Harvard Law School professor Martha Minow identifies a tension that every society must confront in the aftermath of political violence and oppression: “too much memory and too much forgetting.”
She contends both ends of this spectrum hold the potential to derail the possibility of forging a just and shared future. In this webinar, Minow and moderator Dr. Duncan Morrow will hold a public conversation about what it means to face the past, how to find the balance between acknowledgement and taking responsibility for injustice, while - at the same time - turning toward the possibility of transformation and social healing.
NOTE: Student attendees are invited to participate in facilitated conversation between 12:30 and 1:20 p.m., immediately following the event. Interested students may note whether they would like to participate when registering for the event. Space may be limited for these conversations. Interested students will receive a separate zoom link for this conversation.
Martha Minow has taught at Harvard Law School since 1981, where her courses include civil procedure, constitutional law, fairness and privacy, family law, international criminal justice, jurisprudence, law and education, nonprofit organizations, and the public law workshop. An expert in human rights and advocacy for members of racial and religious minorities and for women, children, and persons with disabilities, she also writes and teaches about digital communications, democracy, privatization, military justice, and ethnic and religious conflict.
Duncan Morrow is an academic and community activist. He is currently the Director of Community Engagement at Ulster University in Belfast at a time when the University is going through its biggest-ever transformation in the city by relocating its largest campus into the centre of the city.
His interest in conflict transformation and the politics of peace and conflict have shaped both his University career and his activity outside those walls. For nine years, Duncan was Chief Executive of the Northern Ireland Community Relations Council, and since then he has worked with the Scottish Government as the chair of independent Ministerial advisory groups on tackling Sectarianism and on Hate Crime, Prejudice and Community Cohesion and with the Sir George Quigley Fund on a review on the evidence of ongoing Sectarianism in Northern Ireland.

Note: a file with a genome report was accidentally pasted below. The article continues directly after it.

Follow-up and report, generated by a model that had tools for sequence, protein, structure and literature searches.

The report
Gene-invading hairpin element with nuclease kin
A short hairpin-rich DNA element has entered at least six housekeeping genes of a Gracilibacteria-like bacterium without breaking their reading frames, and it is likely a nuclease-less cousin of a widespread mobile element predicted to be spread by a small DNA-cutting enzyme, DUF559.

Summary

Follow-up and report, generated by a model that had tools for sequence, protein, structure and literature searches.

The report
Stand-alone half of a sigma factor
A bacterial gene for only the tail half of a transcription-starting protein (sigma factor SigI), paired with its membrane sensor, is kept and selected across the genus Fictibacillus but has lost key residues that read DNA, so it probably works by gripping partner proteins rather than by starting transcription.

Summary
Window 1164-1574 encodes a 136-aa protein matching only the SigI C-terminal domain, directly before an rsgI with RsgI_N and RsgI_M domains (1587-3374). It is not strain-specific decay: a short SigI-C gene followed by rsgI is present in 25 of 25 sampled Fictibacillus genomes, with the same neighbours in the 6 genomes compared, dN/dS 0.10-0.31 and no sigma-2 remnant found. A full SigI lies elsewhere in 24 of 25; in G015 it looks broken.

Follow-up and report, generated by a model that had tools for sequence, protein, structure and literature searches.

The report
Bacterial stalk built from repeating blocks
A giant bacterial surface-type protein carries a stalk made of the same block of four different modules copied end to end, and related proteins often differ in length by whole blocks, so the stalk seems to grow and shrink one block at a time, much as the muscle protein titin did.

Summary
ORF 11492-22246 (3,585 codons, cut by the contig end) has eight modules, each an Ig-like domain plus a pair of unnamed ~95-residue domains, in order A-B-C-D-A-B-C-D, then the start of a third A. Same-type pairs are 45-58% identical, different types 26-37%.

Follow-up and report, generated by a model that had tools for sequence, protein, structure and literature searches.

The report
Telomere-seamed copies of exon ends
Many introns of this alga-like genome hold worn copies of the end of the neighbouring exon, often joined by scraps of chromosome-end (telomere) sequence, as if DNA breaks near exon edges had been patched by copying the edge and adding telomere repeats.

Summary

Duncan has written and researched widely on conflict, community safety and policing, politics and religion and peacebuilding.
Recording & Accommodations
This event is being recorded and may be posted to our YouTube channel. If you choose to participate in discussion, you are presumed to consent to the use of your comments and potentially your image in these recordings. If you do not wish to be recorded, please contact Kelly Whitaker (email@example.com).
If you require an accommodation such as live captioning or interpretation to participate in this event, please contact Kyle McCray (firstname.lastname@example.org). Requests made two weeks before the event will generally allow us to provide seamless access, but the university will make every effort to meet requests made after this date.